We find out later that Amir’s last name is Abdullah, not Kapoor. He changes his last name in hopes that others will not judge him before they even meet him. The use of names and how names work to both construct identity and counter preconceived notions of identity comes up when Amir’s nephew comes into the apartment immediately after Emily and Amir talk about Mort and the law firm. When Abe enters, the stage direction describes him as “22, of South Asian origin. But as American as American gets.” Like Amir, Abe has changed his identity in order to survive in a post 9/11 America, in order to not become labeled.

Amir tells him nephew, “Come in, Hussein.” Abe wants Amir to call him “Abe,” not his given name “Hussein,” and he asks him, “You know how much easier things are for me since I changed my name?” Emily calls out Amir too, telling him that he did the exact same thing that Abe does, changing his last name from “Abdullah” to “Kapoor,” and Abe reminds his uncle, “You got lucky. You didn’t have to change your first name. Could be Christian. Jewish. Plus you were born here. It’s different.”

As the play progresses, Abe changes his name back to Hussein, discovering his “true” identity in the midst of the ways that other perceive him. After the FBI pick him up for supposedly being an extremist, he tells Amir that he changed his name back to Hussein, calling out his uncle for disguising who he is because of the ways that other view him. Amir asks Hussein if he feels like he’s doing something worthwhile, and whether or not pointing out “the plight of Muslims around the world is going to” do anything. Hussein cuts him off, telling his uncle. “It’s disgusting. The one thing I can be sure of about with you? You’ll always turn on your own people. You think it makes these people like you more when you do that? They don’t. They just think you hate yourself. And they’re right! You do!”

Hussein’s comments get to the heart of Amir’s struggles with his identity. He thinks that by hiding his “true” self he will be able to alter the ways that others view him. However, that is not the case. His continued obfuscating of his “true” self leads to the conflicts within the play. Amir views himself through the eyes of others, denying himself any “true” connection with himself. Denying himself any peace in the realization of his “true” identity. He works to fit in within a society that views him as a threat. He does not succeed, and his continued charade leads him to examine himself and search for his “true” identity. However, I would posit that his examination does not lead to any realization. Instead, Hussein comes to realize his “true” self, and the play ends with Amir beginning that journey as, after Emily leaves him because in his self-loathing he abuses her, Amir picks up her portrait of him, Study After Velázquez’s Moor, and examines it.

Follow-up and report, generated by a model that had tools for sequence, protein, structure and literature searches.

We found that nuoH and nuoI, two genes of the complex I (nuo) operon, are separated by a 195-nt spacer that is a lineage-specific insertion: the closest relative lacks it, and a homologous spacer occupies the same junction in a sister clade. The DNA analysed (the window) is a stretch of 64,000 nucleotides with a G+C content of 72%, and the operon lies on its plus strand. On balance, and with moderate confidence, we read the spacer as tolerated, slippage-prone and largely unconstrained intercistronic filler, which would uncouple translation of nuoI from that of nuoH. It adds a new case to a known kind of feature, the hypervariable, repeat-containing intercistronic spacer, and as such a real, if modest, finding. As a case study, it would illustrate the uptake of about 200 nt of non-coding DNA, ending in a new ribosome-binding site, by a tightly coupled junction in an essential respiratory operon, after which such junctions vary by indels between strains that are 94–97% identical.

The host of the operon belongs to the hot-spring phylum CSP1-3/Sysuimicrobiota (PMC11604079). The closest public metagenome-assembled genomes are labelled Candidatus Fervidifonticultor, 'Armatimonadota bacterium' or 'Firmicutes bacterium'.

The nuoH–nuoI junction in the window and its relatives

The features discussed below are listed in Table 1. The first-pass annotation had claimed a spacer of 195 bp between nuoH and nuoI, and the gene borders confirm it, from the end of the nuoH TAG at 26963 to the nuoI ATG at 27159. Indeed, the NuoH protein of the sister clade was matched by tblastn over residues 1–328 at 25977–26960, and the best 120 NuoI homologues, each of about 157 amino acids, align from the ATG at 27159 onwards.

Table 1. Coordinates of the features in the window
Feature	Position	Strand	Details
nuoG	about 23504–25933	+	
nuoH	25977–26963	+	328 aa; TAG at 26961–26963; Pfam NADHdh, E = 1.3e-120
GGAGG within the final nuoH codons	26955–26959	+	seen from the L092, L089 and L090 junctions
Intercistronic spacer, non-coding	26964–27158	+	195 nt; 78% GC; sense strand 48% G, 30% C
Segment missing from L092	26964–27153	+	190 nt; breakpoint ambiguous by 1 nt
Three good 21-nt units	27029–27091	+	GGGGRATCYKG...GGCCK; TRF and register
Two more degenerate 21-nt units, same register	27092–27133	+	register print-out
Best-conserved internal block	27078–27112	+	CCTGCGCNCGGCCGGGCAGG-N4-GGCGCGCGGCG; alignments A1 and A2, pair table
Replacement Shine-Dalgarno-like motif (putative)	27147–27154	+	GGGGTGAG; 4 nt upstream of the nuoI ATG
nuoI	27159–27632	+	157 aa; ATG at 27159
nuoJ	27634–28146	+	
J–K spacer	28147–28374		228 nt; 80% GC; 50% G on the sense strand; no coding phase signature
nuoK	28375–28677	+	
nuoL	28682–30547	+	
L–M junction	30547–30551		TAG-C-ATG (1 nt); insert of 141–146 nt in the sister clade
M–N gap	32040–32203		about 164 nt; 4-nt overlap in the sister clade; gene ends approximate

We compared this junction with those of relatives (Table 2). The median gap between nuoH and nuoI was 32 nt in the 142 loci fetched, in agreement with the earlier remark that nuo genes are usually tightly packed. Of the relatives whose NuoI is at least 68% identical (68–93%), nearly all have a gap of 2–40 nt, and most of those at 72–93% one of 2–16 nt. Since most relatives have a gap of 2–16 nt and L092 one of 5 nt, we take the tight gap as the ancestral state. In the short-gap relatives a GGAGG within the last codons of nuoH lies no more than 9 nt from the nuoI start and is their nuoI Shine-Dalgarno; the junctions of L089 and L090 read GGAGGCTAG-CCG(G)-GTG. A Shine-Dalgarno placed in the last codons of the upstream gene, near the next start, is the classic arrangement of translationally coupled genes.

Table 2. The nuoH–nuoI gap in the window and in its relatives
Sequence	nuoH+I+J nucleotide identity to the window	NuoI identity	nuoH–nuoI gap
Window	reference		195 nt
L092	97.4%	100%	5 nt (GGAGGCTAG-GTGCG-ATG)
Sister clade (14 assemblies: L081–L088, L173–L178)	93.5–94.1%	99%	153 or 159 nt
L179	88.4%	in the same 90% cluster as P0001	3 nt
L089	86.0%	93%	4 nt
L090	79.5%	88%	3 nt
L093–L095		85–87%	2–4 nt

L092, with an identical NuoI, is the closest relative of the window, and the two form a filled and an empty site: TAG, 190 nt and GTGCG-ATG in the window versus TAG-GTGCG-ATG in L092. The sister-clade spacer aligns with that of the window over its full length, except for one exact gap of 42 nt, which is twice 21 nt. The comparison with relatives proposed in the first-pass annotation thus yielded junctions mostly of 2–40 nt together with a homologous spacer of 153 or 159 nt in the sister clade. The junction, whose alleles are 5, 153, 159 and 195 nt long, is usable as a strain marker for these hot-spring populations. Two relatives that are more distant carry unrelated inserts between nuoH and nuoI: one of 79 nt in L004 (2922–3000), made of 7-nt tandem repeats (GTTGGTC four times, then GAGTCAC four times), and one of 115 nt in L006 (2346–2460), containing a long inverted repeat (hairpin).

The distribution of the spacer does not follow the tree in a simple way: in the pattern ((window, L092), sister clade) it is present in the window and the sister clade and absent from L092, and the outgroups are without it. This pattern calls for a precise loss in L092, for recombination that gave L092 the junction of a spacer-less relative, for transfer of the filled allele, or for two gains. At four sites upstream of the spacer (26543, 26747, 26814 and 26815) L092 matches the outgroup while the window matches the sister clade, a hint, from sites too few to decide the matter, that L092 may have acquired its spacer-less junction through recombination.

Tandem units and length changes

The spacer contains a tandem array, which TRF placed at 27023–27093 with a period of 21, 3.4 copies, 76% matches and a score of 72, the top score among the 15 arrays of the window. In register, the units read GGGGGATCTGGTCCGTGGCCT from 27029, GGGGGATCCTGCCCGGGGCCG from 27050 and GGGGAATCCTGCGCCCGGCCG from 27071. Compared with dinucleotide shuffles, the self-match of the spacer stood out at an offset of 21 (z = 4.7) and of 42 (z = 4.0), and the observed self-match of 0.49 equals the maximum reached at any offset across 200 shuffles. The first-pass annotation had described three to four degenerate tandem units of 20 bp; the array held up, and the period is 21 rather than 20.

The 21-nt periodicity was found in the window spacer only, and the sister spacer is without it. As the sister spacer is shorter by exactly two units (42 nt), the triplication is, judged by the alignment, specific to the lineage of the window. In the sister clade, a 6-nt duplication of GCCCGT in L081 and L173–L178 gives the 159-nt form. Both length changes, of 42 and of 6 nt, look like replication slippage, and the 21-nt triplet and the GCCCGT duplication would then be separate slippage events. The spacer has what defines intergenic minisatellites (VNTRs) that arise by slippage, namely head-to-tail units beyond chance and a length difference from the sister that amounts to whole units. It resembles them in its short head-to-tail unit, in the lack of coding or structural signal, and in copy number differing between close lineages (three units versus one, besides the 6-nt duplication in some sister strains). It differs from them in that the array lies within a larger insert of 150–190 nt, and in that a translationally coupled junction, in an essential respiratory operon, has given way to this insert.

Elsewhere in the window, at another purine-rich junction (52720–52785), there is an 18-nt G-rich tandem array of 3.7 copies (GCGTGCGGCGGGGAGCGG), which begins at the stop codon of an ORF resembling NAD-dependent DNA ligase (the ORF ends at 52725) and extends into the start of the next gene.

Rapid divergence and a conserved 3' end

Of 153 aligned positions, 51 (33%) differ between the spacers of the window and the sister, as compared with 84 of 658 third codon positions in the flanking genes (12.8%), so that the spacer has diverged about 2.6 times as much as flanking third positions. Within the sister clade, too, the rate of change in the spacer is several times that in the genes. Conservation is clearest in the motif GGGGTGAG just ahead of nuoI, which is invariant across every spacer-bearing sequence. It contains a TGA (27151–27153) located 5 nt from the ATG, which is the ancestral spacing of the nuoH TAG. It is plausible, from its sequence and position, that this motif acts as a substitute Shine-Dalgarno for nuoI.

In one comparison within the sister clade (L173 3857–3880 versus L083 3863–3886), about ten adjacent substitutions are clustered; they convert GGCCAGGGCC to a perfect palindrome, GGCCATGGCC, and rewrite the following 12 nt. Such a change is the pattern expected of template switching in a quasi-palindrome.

Here, the views of others come into full focus again and connect back to the beginning. He looks at a portrait which is itself a depiction of how Emily view him. Which is a depiction formed as a reaction to the ways that a waiter viewed him. The portrait serves as a lens through which we examine how we view others, and the play ends with Amir on stage looking at the portrait as the stage direction reads, “He takes a searching long look.” This concluding stage direction highlights that Amir searches for his “true” self amidst countless competing forces. At the end of the play, he has not found his “true” self. Yet, he is still “searching.”

There is, of course, more I could discuss. What are your thoughts? As usual, let me know in the comments below, and make sure to follow me on Twitter at @silaslapham.

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1 Comment on “Juan de Pareja and Identity in Ayad Akhtar’s “Disgraced”

  1. Pingback: How I Construct My Syllabi – Interminable Rambling